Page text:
Venice is an intricate maze of narrow streets and bridges, and I’m convinced that even the locals tote around a map to confirm their way back home at night. I inquired with my hotel about how to get to Dorsoduro (where the restaurant is), but in true Kyle fashion, I bucked their advice and decided to blaze my own trail. I know what you’re all thinking…I walked so far in the wrong direction that I ended up in Mestre. Wrong! I actually arrived at the restaurant an hour early, took stock of the gorgeous place where I had dinner over two years ago now, and was whisked back to the kitchen to begin cooking.
On the menu today was Ravioloni di Pasta Fresca Caripieni di Burratta e Branzino con Sughetto di Crostacei and Pennette Limon con Pecorino Romano e Lievito Biologico. In case you don’t have your Italian dictionary handy, those dishes are large raviolis stuffed with sea bass and burratta cheese with langoustines in a cream sauce, and baby penne with a pecorino romano lemon sauce with yeast. For a blip in time, I had a flashback of yesterday when Francesco said we would be making homemade pasta for the ravioloni. My arms began to throb, and my back began to ache, but in the end, it was fine because this pasta recipe was a fast-forward version of yesterday’s activities, and he handled all of it. The recipe differed slightly in that we used both semolina and 00 flour, and mainly the yolks of the eggs to make the pasta a sunny yellow color. It was quick, easy, and while it chilled in the fridge before we slid it through the pasta machine, we got to work on the rest of our lunch.
We beheaded and filleted the sea bass (okay, he did), and sautéed it in some olive oil before shredding it up delicately (and checking for eye bones) to add to the burratta for the stuffing. We also cleaned the langoustines, zested and juiced a lemon, sampled some amazing pecorino romano cheese, and discussed our Salice Salentino Rosso wine. It’s a blend of Negroamaro and Malvasia grapes, and has notes of plum and blackberry with a bit of spiciness. It was great with the cheese.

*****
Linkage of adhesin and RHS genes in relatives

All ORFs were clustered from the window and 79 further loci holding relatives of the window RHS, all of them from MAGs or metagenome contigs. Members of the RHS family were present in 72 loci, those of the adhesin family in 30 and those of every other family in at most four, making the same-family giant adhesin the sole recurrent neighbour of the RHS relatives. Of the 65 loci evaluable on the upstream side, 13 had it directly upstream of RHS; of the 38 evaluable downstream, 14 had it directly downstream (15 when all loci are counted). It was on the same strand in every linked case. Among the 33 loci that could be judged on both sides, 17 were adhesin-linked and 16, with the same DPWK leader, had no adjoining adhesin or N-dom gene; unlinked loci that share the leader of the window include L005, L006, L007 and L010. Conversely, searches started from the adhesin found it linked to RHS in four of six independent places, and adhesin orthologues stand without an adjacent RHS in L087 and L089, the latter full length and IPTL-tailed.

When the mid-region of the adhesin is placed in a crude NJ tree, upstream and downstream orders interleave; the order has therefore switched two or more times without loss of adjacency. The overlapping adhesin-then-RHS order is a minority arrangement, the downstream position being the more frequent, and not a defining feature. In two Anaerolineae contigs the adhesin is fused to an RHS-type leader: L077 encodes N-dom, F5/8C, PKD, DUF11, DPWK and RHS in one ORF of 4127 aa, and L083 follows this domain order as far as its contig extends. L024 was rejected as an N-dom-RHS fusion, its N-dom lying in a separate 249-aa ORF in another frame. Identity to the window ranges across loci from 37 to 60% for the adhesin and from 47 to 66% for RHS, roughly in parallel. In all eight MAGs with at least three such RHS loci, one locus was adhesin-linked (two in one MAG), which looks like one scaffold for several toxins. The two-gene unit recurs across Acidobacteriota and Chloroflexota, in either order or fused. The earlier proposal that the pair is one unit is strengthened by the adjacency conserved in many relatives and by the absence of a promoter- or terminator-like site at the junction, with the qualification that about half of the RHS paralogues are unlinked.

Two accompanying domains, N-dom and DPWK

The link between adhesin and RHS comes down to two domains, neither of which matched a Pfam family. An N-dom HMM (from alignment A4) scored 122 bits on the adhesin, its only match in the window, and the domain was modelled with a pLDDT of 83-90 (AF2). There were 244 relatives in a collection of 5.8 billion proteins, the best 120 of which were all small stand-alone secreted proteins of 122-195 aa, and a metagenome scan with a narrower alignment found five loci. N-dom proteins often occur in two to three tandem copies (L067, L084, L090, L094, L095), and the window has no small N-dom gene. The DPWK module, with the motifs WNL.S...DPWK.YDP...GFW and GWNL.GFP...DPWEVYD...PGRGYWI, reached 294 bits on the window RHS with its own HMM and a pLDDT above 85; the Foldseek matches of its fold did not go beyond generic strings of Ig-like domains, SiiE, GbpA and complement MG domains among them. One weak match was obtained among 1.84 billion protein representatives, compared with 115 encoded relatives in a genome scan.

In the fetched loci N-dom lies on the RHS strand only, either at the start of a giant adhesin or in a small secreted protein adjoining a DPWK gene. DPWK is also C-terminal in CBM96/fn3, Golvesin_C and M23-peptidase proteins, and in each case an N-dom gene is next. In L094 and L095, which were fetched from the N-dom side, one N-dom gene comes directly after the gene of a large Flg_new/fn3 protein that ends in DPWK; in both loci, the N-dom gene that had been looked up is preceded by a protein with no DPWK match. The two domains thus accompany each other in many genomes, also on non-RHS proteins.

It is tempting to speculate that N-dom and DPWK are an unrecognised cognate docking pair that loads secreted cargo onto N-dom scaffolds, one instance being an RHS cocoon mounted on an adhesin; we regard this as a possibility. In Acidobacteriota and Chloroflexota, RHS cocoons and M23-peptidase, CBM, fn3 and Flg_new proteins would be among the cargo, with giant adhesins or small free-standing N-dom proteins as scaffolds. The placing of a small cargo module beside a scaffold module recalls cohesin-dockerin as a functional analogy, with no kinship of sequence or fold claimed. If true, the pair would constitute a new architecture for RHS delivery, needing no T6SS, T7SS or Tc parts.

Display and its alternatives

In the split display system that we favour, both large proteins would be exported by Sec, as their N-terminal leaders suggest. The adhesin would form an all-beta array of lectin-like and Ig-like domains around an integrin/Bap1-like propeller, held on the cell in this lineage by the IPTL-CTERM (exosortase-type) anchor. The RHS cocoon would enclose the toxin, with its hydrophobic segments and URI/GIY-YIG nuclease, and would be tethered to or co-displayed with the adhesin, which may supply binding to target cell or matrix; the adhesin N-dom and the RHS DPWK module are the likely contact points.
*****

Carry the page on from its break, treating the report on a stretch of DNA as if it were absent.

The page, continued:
Francesco moved about the smallish kitchen while I feverishly scribbled down notes, and took pictures. The lemon pasta tasted like a savory version of Lemonheads (sidebar: I love Lemonheads) and elicited a silent reaction from me…because I was so busy shoving my face full of the lemony masterpiece. And the ravioloni were a close second. The sea bass flavor was subtle, the burratta silky, and after we plucked them off their ravioloni rafts, the langoustines tasted like lobster.
Perhaps you’re wondering how I scored the opportunity for a backstage pass at Avogaria. I wish I had some dramatic answer, like I purchased a scratch card on Ryanair and won the afternoon with the chef, but the truth of the matter is quite simple: I just asked. Francesco remembered me from two years ago when I dined in their restaurant, so when I told him about Culinary Hopscotch and told him I would love for the Venice edition to include Avogaria, he graciously offered to have me as their guest. My second impression of the restaurant was better than the first. It’s off the well-worn tourist path, and the food that comes out of Francesco’s kitchen paints the perfect picture of Venice. It’s light, it’s tempting, and like the jagged streets of this picture-perfect city, there is a surprise at every turn.
Next Stop: Ljubljana